Fitting it-all-in. Yeah right. All of it, into a life. One life. Getting the balance right. That’s what I’m going to tackle today.
Fitting it-all-into one life is easy.
HA! LOL! ROFL!
Sure, if you’re Buddhist or maybe one of those people that throw everything away except the essentials like a tweezers and a chip clip. Or, those people who have no trash. People that have little mason jars that they bring to a grocery store and fill with lunch meat, so they don’t bring home packaging and use Cinnamon sticks for eyeliner. Those people are seriously organized. I bet they can fit-it-all in. But I don’t hang around with those people. I hang around with you. I got you babe. If you want to make yourself miserable check this out
See, I have a lot of stuff (shoes) and trash (razors) and everyday I consider how I’m going to fit-it-all in I’m pretty sure some of that stuff and trash get in the way. So given real life, a life filled with stuff and trash, I wonder….
Then someone asked me to contribute to an article on work life balance and I thought, Me? You’re asking me? Gwad.
So I thought about it and I wrote this.
I think that work-life balance is really difficult to achieve and probably no one really does a good job. If we are asking the question it is a statement of our lives. If we believe that our work and our lives are separate and that we need to somehow balance our two (separate) lives, we are always going to be on a teeter totter. Teetering and Tottering.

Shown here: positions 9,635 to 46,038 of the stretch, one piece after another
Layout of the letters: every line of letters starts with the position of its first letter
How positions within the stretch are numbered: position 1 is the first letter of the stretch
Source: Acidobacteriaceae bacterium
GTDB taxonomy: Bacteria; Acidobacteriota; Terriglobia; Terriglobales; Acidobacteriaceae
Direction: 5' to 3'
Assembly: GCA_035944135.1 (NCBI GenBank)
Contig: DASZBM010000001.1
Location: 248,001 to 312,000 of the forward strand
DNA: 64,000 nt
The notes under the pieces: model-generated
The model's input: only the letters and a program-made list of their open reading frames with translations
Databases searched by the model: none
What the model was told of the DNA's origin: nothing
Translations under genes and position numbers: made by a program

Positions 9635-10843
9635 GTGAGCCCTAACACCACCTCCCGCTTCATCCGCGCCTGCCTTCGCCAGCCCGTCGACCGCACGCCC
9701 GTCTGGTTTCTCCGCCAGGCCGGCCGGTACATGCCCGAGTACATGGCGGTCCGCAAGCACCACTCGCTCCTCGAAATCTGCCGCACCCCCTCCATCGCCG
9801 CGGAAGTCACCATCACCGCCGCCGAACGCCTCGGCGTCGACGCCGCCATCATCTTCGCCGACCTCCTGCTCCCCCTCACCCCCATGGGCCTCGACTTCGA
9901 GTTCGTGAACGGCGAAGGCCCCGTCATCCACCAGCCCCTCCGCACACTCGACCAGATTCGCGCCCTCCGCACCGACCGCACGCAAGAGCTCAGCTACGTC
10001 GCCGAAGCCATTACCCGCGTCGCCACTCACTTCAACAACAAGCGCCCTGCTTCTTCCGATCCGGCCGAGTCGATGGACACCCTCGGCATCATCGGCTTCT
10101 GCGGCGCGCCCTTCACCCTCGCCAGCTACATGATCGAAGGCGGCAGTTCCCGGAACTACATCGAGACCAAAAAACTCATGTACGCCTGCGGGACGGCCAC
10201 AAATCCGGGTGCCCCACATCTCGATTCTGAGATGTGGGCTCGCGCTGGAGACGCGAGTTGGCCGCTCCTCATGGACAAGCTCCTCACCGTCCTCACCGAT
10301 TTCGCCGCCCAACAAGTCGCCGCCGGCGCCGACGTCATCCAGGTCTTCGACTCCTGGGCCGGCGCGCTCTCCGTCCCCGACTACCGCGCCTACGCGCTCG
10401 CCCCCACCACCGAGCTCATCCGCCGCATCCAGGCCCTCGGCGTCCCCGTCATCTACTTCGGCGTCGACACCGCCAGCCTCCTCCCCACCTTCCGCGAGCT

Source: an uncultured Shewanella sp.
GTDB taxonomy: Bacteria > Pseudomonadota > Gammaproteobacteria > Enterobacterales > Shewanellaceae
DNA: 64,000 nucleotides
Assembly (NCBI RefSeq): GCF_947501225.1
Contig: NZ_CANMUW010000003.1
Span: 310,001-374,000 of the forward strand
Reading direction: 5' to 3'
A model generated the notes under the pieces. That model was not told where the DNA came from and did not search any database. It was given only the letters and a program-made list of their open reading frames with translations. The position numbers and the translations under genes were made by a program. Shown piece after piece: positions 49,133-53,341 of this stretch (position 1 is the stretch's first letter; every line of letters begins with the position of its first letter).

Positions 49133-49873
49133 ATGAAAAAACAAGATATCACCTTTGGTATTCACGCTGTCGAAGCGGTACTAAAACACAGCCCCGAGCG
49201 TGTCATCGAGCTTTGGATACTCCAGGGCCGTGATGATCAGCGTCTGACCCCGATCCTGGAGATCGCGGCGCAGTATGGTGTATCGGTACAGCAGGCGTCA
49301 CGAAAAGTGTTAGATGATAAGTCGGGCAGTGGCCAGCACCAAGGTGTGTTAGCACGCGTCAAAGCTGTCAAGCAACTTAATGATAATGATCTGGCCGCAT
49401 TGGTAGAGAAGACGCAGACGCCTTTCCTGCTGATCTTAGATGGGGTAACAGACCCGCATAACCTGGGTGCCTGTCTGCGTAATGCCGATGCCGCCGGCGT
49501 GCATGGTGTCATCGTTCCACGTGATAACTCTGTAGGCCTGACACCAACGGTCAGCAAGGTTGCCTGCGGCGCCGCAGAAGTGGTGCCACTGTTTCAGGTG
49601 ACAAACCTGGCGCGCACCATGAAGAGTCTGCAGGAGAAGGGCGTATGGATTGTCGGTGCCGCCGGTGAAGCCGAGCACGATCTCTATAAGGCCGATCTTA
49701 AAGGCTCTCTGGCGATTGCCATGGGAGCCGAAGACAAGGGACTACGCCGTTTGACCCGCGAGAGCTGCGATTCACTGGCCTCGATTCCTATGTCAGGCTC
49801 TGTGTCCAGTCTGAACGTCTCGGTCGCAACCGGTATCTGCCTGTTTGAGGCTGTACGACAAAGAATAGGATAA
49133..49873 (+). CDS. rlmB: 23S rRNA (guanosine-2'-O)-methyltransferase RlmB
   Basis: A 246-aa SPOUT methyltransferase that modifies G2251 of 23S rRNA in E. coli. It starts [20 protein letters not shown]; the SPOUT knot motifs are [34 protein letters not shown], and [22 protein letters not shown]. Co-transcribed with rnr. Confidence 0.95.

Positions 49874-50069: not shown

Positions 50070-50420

The problem is that we don’t do well with trying to integrate our competing lives. There is the life that needs to work and have health insurance and the life that likes to create art or raise children or whatever any one person’s particular passion is.
Those lives compete but do they have to? What if we were to do what Confucius is reported to have said, “Choose a job you love and you’ll never have to work a day in your life.” This idea is an attempt to fullfill a work life with a passionate life. This is the ultimate ‘work smart’ idea.
Maybe this is not a possible scenario for most people but I believe it makes more sense than separating our work life from our actual lives-and then trying to strike a daily balance. That separation I think can cause major stress, dissatisfaction, and desperationa. Better for us to at least try a partial if not full integration of what we love and where we work.
Am I doing that?
Yes, when I’m writing and teaching. No when I’m sitting in committee meetings. Yes, when I’m traveling and teaching. No when I’m trying to organize my email into something manageable. So sometimes I’m not on the teeter totter and sometimes I am.
I have friends that have jobs that while the jobs might not be their passion per se they are really good at them. They may not be into life insurance as a job but they are awesome at organizing, following-up, connecting with people, and they find fulfillment by getting things done.
Sometimes our passions lead to less passionate feelings if we end up doing them every day. For example, people who love math but hate teaching math so we have to be careful.
Plus, mostly our passions don’t always pay, right? Take writing. Doesn’t pay for most of us. But communicating pays. Teaching pays. So, maybe if we redefine our passions by looking at the things we are good and maximizing our time doing those things, we can reduce the stress of thinking we are doing something wrong and start giving ourselves credit for doing something right.
Maybe you’re thinking, “Hey, I read this blog because I thought you were going to tell me how to fit my kid’s fundraising into my life so I can get some sleep”. I’m not a miracle worker. But, maybe if we recognize when we are using our skills as a time when we are using our passions, we will feel less exhausted at the end of the day.
I’m not super sure on this but I think this is what I do. But remember, I have a lot of trash and so maybe you want to go visit those people who don’t have any and see what they say. Or consider a little Less Hustle More Joy and read this.